For the movers behind the 10×1000 Tech for Inclusion program, learning occurs beyond childhood or the classroom. The philanthropic fintech initiative seeks to train at least 1,000 individuals and tech leaders across emerging markets each year, for at least a decade.
Jason Pau, Program Lead at 10×1000 Tech for Inclusion, details how the program adapted to the learning challenges posed by the COVID-19 pandemic — including digital fatigue and lockdowns — and shares his thoughts on the future of hybrid education.
Now that we’re nearly three years into the pandemic, how is 10×1000 Tech for Inclusion adopting technology for and enhancing online learning?
In the initial years of the program, it offered in-person learning and networking, such as structured classes, field trips, and company visits in China. As the pandemic emerged, we all were forced to cope with physical restrictions as social distancing measures and lockdowns were implemented worldwide. This also pushed us to rethink, upgrade, and optimise our online presence, in order to ensure greater accessibility to our global learners.
The pandemic catalysed our efforts and led to the launch of our 10×1000.org online platform in 2021. In our inaugural year of operating it, we certified over 1,000 learners across 66 countries and regions globally. To optimise the online learning experience, our platform focuses on three areas:
- Content designed specifically for working professionals – We make sure that the lessons are bite-sized and easy for busy learners to internalise and access. The 45-minute lessons are broken into smaller segments of approximately 3-5 minutes each, lowering the barrier to entry for people who wish to embark on an online learning journey.
We have also invested efforts to make the online learning experience more interactive and keep learners engaged. This includes adding visual elements like infographics and animations, as well as online quizzes after each lesson.
Each of these features may not seem groundbreaking on their own, but taken as a whole, these additional components have created a more enriching online learning experience for learners.
- Learning with a global community – The power in learning as a community, especially as a global one, could not be understated, especially in emerging and rapidly changing industries like fintech.
To this end, we have leveraged technology to enable alumni search and connect functions on our platform to encourage more interactions and sharing among learners, and host online and hybrid events to provide learners opportunities to network.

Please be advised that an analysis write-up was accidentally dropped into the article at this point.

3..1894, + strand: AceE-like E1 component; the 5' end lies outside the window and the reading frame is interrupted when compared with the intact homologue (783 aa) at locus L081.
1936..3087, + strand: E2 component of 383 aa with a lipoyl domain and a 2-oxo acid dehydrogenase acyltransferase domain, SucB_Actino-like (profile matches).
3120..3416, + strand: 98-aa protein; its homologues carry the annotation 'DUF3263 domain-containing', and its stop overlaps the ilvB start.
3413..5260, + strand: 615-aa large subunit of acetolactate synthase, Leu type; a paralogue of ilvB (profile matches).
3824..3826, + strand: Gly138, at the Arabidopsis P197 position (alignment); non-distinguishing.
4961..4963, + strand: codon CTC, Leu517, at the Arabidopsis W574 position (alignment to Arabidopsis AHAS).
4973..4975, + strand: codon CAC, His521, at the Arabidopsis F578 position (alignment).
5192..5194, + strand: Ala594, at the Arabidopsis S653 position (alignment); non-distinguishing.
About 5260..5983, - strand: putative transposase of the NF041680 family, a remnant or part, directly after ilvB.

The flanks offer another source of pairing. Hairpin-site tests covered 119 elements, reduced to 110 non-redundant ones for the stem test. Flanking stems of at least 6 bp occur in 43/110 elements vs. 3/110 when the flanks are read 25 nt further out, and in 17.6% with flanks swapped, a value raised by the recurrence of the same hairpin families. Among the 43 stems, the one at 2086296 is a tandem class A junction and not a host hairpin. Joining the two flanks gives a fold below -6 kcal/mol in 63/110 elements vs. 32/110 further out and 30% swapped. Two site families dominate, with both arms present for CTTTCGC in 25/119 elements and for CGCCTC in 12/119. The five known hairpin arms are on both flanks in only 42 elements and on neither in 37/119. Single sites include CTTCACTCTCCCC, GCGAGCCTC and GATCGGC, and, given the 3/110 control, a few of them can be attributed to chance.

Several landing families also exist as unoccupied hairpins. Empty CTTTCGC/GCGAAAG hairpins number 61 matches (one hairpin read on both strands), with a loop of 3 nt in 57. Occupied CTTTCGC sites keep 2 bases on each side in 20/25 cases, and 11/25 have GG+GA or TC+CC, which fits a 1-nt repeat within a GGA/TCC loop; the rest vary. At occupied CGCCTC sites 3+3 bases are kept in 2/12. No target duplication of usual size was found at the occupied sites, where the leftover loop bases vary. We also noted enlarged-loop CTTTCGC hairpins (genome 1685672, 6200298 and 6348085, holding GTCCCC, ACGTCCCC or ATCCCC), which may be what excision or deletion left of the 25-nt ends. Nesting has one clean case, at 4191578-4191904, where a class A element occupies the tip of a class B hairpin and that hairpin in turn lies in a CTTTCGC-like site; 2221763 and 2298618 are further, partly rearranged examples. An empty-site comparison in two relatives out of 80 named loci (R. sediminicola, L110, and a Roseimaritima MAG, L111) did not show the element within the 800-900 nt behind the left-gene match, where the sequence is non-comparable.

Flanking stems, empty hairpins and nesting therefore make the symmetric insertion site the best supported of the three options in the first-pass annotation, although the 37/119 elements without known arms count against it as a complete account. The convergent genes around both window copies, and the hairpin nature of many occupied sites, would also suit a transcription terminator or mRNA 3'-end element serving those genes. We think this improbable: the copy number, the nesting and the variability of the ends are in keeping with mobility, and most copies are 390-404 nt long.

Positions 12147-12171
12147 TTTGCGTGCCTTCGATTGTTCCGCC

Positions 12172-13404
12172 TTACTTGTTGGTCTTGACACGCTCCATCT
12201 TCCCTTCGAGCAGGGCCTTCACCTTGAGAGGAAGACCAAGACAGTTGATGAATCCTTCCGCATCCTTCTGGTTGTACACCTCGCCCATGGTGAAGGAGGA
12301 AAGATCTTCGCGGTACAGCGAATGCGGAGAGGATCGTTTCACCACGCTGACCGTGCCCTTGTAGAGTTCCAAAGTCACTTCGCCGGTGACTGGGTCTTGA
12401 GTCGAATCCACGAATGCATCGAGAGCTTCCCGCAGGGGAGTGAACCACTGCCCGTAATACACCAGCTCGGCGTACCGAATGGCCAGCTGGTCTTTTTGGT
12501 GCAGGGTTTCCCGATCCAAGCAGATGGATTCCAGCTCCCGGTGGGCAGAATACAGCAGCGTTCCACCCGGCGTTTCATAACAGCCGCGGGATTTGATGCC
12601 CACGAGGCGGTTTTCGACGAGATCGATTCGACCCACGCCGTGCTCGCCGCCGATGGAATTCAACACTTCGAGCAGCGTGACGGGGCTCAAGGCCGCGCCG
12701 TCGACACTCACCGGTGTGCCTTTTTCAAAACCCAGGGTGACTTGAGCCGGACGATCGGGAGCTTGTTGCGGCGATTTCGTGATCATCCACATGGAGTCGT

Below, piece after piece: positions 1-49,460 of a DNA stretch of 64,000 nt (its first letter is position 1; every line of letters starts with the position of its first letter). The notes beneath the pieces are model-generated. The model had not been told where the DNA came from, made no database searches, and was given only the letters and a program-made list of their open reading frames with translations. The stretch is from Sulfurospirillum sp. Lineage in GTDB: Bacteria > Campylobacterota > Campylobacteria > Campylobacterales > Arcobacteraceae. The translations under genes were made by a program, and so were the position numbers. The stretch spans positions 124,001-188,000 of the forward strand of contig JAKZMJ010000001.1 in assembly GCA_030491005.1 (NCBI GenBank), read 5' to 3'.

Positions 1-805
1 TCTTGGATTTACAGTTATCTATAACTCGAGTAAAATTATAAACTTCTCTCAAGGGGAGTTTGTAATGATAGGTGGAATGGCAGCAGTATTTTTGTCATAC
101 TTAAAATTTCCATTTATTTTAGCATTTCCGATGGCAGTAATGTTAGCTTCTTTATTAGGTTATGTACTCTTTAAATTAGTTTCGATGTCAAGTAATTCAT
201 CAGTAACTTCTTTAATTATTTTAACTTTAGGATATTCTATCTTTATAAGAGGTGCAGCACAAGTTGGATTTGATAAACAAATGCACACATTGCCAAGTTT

- Small innovations to make the reward of learning more accessible – When learners complete 10×1000 programs, they earn a personalised, blockchain-enabled digital certificate of completion.
We also provide alumni-customised QR codes where they can easily access and review their learning journey.
With an increased number of online learning sessions, students often say that they are digitally fatigued now more than ever. How is 10×1000 Tech for Inclusion addressing such issues?
Digital fatigue is a big issue. The key is to solve our natural human tendencies and desires. On the 10×1000 platform, we focus on enabling greater online interaction and dialogue while keeping things fresh. Like many others, we leverage speed networking, music, interactive polling, and other similar features to keep things lively.
While content is certainly king, we have found that our learners have high levels of engagement online when we integrate global viewpoints into the topic of discussion. That is, online learning on fast-changing and dynamic topics like fintech are best when content is complemented with interactions with learners from other regions. Cross-regional learning has emerged as one of the key desires of our community.
At the same time, we believe that hybrid offline/online models of engagement will stay with us for a long time. To promote more offline engagement, we launched the 10×1000 Local Connect Lead program, where local community alumni leads were identified in Malaysia, Pakistan, and Singapore. These volunteer leads will facilitate in-person events and sharing in their respective markets, and link up together online to enhance cross-country hybrid sharing.
Do you think there would be a hybrid mode of education even after things return to normal in the future?
Absolutely. The pandemic provided a big boost in demand for providers of online content and many opened their learning patterns to also include online content. Supply and demand have both increased.
We’re probably around 5-7 years ahead in the adoption of hybrid education and online learning. Hybrid education is here to stay as more providers enter the market and offerings become cheaper, more accessible, and feature richer content. At the same time, learners will see that learning in person and online together opens new perspectives and experiences.